“What’s needed now and in the near future, are companies that are prepared to invest. This will require a certain level of commitment and collaboration between the supplier and the offtaker,” he said.

DNV then asked- Given the increasing challenge to finding crew, is Stena RoRo expecting greater demand for autonomous functionality in the vessels over the coming years?

He replied that he doubted it, at least not to any large extent in the ferry business.

“I harbour doubts, given the sensitive nature of our operations, such as transporting thousands of people in archipelagos through high-traffic waters,” he explained.

He added that this might be a factor for other vessel types, like cargo ships on certain routes, as the technology exists.

However, for passenger shipping, it’s unlikely, at least in the foreseeable future. The risk of on board fires, accidents involving passengers or crew, and congestion in areas where the vessels sail with perhaps 2,000 people on board made Westling sceptical about this technology.

Has the upcoming IACS cyber security regulations, prioritised this risk and influenced the way Stena approaches system integration and vessel network design? DNV asked.

“We’re seeing a growing demand for this, especially in our newbuilding projects. For our latest newbuilding, which was delivered in February, we’re applying DNV’s highest level of cyber security class notation,” he said.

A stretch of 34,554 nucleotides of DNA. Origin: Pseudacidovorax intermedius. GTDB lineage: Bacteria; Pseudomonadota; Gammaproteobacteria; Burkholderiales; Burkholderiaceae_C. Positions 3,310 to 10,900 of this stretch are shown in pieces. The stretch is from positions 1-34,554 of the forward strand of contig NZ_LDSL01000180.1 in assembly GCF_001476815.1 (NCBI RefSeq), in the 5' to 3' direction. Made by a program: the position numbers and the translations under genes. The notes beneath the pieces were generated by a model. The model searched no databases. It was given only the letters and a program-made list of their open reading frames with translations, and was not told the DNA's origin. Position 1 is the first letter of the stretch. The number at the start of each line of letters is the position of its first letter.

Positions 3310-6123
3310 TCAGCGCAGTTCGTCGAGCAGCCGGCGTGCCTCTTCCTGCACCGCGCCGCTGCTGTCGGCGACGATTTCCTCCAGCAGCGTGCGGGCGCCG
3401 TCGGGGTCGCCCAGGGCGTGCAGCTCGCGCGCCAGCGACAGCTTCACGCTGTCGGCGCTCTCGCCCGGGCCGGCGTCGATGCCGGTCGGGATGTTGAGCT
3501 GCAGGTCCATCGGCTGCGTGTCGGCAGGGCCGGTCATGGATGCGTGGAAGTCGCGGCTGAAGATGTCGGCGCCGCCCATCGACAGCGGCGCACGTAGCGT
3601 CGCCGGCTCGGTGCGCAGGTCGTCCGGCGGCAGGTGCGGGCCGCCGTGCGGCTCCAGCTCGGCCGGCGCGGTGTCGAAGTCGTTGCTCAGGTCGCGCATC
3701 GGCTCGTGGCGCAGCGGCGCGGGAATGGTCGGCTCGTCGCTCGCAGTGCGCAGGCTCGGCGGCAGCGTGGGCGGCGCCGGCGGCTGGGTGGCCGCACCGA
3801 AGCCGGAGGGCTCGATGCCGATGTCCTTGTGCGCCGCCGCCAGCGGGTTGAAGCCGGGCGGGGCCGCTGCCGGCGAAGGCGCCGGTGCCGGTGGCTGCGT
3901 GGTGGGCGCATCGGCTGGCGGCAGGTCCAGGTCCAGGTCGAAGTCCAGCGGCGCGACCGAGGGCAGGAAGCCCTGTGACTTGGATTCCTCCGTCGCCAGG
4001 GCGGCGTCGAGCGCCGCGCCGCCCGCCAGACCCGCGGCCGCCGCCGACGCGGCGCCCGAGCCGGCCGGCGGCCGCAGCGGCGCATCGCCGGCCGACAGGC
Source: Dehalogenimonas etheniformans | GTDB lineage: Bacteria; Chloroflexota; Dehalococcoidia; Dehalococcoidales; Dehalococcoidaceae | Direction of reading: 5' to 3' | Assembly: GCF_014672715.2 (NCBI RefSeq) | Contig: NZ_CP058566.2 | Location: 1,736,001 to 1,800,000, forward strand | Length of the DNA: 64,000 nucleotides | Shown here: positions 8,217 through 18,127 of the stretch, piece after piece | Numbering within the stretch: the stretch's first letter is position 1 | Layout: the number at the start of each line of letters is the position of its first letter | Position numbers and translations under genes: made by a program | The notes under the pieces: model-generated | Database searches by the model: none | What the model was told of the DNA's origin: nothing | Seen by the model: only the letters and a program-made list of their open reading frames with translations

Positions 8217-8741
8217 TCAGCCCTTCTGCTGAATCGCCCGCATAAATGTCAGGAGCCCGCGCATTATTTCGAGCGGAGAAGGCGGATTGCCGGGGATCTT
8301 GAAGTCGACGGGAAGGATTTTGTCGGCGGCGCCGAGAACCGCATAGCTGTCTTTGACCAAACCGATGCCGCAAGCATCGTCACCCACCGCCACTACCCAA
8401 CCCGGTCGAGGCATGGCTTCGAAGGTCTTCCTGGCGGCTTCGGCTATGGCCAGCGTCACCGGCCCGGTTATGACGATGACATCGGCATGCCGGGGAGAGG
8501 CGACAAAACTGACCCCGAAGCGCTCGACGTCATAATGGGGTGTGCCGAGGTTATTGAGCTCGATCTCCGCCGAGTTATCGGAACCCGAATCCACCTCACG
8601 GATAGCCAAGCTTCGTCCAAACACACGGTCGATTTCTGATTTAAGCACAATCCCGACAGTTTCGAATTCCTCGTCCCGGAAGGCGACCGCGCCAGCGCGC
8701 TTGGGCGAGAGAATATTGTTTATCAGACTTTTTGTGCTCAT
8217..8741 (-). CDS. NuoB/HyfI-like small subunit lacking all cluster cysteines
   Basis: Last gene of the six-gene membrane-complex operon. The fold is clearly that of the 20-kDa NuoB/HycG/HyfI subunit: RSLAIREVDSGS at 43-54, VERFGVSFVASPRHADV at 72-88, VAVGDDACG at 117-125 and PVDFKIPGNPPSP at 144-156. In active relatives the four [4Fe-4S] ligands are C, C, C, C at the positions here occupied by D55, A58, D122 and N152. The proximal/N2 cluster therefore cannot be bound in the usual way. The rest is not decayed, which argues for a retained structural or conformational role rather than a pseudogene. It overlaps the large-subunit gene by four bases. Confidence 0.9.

Currently, Stena sees the main hurdle on the supply side. Many suppliers aren’t used to these new requirements and lack equipment that’s fit for purpose on ships, he added.

For marine installations, equipment meeting the highest cyber security standards isn’t always approved by classification societies. This sometimes makes it challenging to get sufficient standard equipment. “However, I believe this is a transitional problem that will be resolved,” he advised.

The E-Flexer fleet development has involved a great deal of teamwork, both within Stena and between Stena RoRo and DNV. How did the project benefit from such strong collaboration?

“It has been of paramount importance, in fact. With so many ships being ordered and the same main partners involved from the start, things are progressing very quickly and smoothly,” he said.

He added that everyone knew their role and what standards to apply. He explained that this benefited Stena as quotes can readily created and tenders for the clients, offering the same standards and quality each time.

“We know that by utilizing the same designers, classification societies, shipyards and to a large extent also suppliers, we can consistently deliver high standards to our clients. This is extremely valuable,” Westling stressed.

Westling has been employed by Stena since 1985. In addition to a MSc degree in Naval Architecture from Gothenburg’s Chalmers Technical University, Sweden, he was trained as an Engineer in the Royal Swedish Navy.

Within the Stena group, he has been project manager for several newbuildings and major conversion projects but also served for five years within the Stena Line Shipmanagement division.

In 2001, Westling moved to Stena RoRo as Conversion Manager, took on the role of Deputy Managing Director in 2008 and subsequently Managing Director in 2011.

Since 2013, he has been a board member of Interferry.